*Plus unfinished attic in main house, 2-bedroom cottage and coach house.

Gosh damn I fell hard for this Queen Anne. My jaw literally dropped when I saw she was on the market and so did over 10,000 people who were reached by my original teaser post, generating over 200 reactions, 76 comments and 42 shares.

This exceptional property has had only four owners in its nearly 125-year history. Originally known as “Maple Lawn”, the home was constructed in the grandest manner with many of the original details intact: coffered oak paneling in the vestibule, original (converted) gas chandeliers, nine-foot solid oak pocket doors, ten-foot ceilings, plaster ceiling medallions, crown mouldings & four fireplaces.

The original grand oak staircase features a Ponce de Leon torchiere on the newel post, a 6-ft stained-glass window on the landing. The property also features an adjoining 2-bedroom cottage (with kitchen, living room and 4-piece bath), plus a heated and plumbed (2-piece bath) coach house with huge loft boasting original timber floors.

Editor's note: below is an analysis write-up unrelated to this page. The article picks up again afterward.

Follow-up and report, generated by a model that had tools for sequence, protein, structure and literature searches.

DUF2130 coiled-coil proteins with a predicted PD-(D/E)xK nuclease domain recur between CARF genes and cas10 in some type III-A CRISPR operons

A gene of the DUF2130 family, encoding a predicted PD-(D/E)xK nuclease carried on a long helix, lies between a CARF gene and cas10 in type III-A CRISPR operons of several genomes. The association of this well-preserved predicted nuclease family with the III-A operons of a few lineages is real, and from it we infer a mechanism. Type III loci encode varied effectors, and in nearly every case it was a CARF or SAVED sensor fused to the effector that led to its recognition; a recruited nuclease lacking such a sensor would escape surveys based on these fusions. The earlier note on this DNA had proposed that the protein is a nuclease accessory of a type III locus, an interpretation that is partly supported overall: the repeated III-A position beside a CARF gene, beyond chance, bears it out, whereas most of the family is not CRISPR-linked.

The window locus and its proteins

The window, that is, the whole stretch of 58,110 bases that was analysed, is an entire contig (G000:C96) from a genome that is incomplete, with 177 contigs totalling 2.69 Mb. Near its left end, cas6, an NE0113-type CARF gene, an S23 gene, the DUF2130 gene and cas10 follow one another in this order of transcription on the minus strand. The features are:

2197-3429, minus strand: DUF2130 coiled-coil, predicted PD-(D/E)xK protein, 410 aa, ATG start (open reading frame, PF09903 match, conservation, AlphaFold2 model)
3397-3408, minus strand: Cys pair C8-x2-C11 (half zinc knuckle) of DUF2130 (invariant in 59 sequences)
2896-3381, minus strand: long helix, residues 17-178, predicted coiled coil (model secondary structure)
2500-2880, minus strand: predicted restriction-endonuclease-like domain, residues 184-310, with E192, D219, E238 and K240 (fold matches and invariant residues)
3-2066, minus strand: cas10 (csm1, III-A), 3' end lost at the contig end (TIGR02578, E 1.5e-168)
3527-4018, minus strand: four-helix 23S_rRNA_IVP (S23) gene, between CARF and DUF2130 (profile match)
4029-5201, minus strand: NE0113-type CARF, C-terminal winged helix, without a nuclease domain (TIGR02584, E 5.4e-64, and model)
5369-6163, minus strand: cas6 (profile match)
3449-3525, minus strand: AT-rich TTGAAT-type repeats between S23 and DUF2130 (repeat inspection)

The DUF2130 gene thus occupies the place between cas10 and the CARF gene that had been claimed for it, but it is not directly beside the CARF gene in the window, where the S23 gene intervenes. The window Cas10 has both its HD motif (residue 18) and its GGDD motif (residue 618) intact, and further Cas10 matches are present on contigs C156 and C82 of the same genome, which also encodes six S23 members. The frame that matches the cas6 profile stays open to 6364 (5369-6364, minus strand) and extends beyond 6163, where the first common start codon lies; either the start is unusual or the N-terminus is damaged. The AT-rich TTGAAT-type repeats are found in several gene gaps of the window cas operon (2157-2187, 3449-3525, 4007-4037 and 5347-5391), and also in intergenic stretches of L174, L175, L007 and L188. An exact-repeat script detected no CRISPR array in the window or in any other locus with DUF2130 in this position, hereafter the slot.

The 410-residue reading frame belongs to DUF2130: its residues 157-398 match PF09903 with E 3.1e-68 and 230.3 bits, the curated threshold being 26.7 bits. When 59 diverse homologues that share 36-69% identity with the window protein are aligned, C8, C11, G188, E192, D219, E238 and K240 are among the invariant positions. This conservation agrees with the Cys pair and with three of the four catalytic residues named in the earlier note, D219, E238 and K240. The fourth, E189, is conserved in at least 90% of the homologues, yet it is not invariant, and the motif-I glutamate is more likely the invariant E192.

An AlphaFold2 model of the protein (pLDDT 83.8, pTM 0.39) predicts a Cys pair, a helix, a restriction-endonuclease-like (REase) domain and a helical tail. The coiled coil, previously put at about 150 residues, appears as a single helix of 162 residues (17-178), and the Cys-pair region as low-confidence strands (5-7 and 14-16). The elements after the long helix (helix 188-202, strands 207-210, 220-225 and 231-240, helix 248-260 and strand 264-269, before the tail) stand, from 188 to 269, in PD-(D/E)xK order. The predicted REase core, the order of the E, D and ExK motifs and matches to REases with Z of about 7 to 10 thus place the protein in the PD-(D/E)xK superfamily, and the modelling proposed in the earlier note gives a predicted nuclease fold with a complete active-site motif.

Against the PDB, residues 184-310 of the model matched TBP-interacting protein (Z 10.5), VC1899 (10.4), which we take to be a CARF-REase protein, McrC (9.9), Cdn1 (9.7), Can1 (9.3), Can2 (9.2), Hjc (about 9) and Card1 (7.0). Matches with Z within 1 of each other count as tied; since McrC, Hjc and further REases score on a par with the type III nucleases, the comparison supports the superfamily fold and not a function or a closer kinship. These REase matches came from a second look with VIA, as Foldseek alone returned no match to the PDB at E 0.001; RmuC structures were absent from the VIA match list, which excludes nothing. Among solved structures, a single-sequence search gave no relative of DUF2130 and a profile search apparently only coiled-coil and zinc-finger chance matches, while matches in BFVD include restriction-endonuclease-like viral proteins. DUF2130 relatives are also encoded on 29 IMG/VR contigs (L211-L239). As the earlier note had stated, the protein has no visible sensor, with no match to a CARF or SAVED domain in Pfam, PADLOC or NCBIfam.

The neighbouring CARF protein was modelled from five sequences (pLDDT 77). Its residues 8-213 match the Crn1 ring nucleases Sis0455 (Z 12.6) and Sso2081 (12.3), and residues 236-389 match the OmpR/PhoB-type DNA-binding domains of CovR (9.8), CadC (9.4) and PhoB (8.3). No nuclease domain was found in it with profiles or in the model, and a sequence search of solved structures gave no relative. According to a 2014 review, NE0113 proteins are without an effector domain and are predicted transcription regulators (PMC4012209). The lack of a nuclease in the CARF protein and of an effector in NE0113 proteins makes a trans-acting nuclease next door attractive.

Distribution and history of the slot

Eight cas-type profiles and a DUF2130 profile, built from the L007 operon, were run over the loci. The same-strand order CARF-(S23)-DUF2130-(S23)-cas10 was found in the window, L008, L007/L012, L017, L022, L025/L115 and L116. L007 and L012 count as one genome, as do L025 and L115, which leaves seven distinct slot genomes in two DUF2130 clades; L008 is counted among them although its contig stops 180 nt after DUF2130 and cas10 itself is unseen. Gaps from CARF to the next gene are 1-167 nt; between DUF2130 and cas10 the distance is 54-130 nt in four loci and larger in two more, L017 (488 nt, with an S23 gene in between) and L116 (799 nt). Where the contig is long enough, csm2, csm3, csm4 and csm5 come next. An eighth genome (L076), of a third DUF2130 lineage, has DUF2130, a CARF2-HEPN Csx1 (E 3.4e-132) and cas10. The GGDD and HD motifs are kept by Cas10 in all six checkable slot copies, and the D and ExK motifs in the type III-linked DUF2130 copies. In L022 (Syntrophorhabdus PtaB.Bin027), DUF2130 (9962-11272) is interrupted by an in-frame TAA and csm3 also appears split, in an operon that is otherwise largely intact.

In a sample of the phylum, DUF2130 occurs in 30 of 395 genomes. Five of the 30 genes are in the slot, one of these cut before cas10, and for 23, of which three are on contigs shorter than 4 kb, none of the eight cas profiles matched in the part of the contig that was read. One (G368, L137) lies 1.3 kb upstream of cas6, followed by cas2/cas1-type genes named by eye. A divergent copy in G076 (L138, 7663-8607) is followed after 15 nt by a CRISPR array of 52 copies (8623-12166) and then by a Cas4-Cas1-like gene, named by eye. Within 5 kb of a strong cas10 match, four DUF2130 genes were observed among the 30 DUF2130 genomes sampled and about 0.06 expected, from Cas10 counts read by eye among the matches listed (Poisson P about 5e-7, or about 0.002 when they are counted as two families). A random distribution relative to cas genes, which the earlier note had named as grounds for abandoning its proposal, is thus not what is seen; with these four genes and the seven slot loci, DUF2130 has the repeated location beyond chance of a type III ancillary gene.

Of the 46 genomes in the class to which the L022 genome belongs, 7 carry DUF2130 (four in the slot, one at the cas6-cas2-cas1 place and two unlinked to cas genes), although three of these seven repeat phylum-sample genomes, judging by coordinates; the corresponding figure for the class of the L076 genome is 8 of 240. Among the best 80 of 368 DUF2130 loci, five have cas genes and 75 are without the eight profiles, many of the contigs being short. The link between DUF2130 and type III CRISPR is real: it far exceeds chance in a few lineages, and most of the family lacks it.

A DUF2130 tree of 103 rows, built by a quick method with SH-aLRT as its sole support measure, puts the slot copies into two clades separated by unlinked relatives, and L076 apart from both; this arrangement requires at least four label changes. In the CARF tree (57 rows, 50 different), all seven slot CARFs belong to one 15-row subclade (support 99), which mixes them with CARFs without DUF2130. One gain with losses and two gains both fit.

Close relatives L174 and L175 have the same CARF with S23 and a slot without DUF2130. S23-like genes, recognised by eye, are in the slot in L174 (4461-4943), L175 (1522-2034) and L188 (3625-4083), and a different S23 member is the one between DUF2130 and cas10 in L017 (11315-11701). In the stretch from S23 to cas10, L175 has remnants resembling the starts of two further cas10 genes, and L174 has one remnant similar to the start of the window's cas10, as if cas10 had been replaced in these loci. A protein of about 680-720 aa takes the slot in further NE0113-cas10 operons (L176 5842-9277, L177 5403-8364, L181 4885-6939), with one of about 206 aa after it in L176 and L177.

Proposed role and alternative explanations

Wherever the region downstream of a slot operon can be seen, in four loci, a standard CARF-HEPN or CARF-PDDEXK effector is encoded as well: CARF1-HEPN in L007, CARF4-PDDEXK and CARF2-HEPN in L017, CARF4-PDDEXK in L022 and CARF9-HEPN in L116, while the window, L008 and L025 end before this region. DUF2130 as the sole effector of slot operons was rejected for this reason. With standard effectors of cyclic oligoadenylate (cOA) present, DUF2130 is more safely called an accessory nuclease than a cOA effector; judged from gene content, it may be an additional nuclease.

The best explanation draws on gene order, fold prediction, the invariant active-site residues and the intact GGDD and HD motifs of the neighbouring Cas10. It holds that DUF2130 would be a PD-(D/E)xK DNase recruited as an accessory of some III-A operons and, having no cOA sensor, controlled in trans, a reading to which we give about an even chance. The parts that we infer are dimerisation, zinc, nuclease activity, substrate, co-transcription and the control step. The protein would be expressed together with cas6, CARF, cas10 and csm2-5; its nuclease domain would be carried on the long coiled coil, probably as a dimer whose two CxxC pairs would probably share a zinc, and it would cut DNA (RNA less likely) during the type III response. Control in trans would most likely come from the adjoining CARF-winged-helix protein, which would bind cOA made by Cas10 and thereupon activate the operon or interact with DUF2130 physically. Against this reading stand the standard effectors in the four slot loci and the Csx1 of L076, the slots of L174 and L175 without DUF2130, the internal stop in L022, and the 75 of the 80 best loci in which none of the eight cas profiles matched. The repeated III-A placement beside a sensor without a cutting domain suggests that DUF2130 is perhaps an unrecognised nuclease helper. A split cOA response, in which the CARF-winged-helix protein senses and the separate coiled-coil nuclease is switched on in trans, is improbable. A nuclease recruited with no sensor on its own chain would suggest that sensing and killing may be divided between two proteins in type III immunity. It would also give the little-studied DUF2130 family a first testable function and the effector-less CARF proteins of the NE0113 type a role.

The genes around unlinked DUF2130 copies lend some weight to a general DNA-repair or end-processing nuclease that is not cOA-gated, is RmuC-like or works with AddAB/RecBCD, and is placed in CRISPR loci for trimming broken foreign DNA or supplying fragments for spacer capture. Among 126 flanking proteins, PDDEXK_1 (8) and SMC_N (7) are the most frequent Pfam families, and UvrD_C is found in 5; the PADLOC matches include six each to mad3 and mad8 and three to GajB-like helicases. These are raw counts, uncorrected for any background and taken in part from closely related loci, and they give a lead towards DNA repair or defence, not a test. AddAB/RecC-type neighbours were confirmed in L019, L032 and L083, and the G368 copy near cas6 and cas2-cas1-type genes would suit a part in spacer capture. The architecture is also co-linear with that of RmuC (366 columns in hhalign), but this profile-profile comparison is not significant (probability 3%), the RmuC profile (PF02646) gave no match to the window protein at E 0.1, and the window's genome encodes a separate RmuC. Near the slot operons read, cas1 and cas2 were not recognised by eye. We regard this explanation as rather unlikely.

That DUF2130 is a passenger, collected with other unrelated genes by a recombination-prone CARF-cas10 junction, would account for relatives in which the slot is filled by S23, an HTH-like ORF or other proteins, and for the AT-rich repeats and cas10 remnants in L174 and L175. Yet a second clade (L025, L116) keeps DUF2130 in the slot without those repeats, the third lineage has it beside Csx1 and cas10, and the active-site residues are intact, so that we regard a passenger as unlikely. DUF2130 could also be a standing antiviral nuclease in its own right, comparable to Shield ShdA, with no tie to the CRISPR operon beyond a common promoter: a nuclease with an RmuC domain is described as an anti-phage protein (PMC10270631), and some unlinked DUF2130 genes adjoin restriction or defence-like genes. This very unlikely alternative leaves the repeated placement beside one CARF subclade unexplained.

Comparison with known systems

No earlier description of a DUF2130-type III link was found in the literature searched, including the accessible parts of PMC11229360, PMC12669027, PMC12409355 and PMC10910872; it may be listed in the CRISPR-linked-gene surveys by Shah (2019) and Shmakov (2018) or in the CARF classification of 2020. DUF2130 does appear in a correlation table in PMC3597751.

Translates to, "It is better to trust in the Lord, than to put any confidence in man." 

Listing with Tom Fleming of Judy Marsales Real Estate Ltd:

IG Video HERE 

Photos and video by Tom Vogel,


 7 St James Place, Hamilton, circa 1931

4,206 square feet – offered at $2.1 million

Not apples to apples to mid-century modern, but definitely more bang for your buck than 125 Amelia given the living space and even usable lot size with in ground pool. Also, although not as surrounded by nature, I’d argue the location is just as good, if not better than Amelia St. That said, Amelia does offer better school options outside of private and French immersion.


Check out this vintage Westinghouse flyer with 7 St. James Place (previously court) pictured as the second house in!


Listing with Drew Woolcott of RE/MAX Escarpment Woolcott Realty Inc.

Photos and video by Shlomi Amiga/Beaver Dam Studio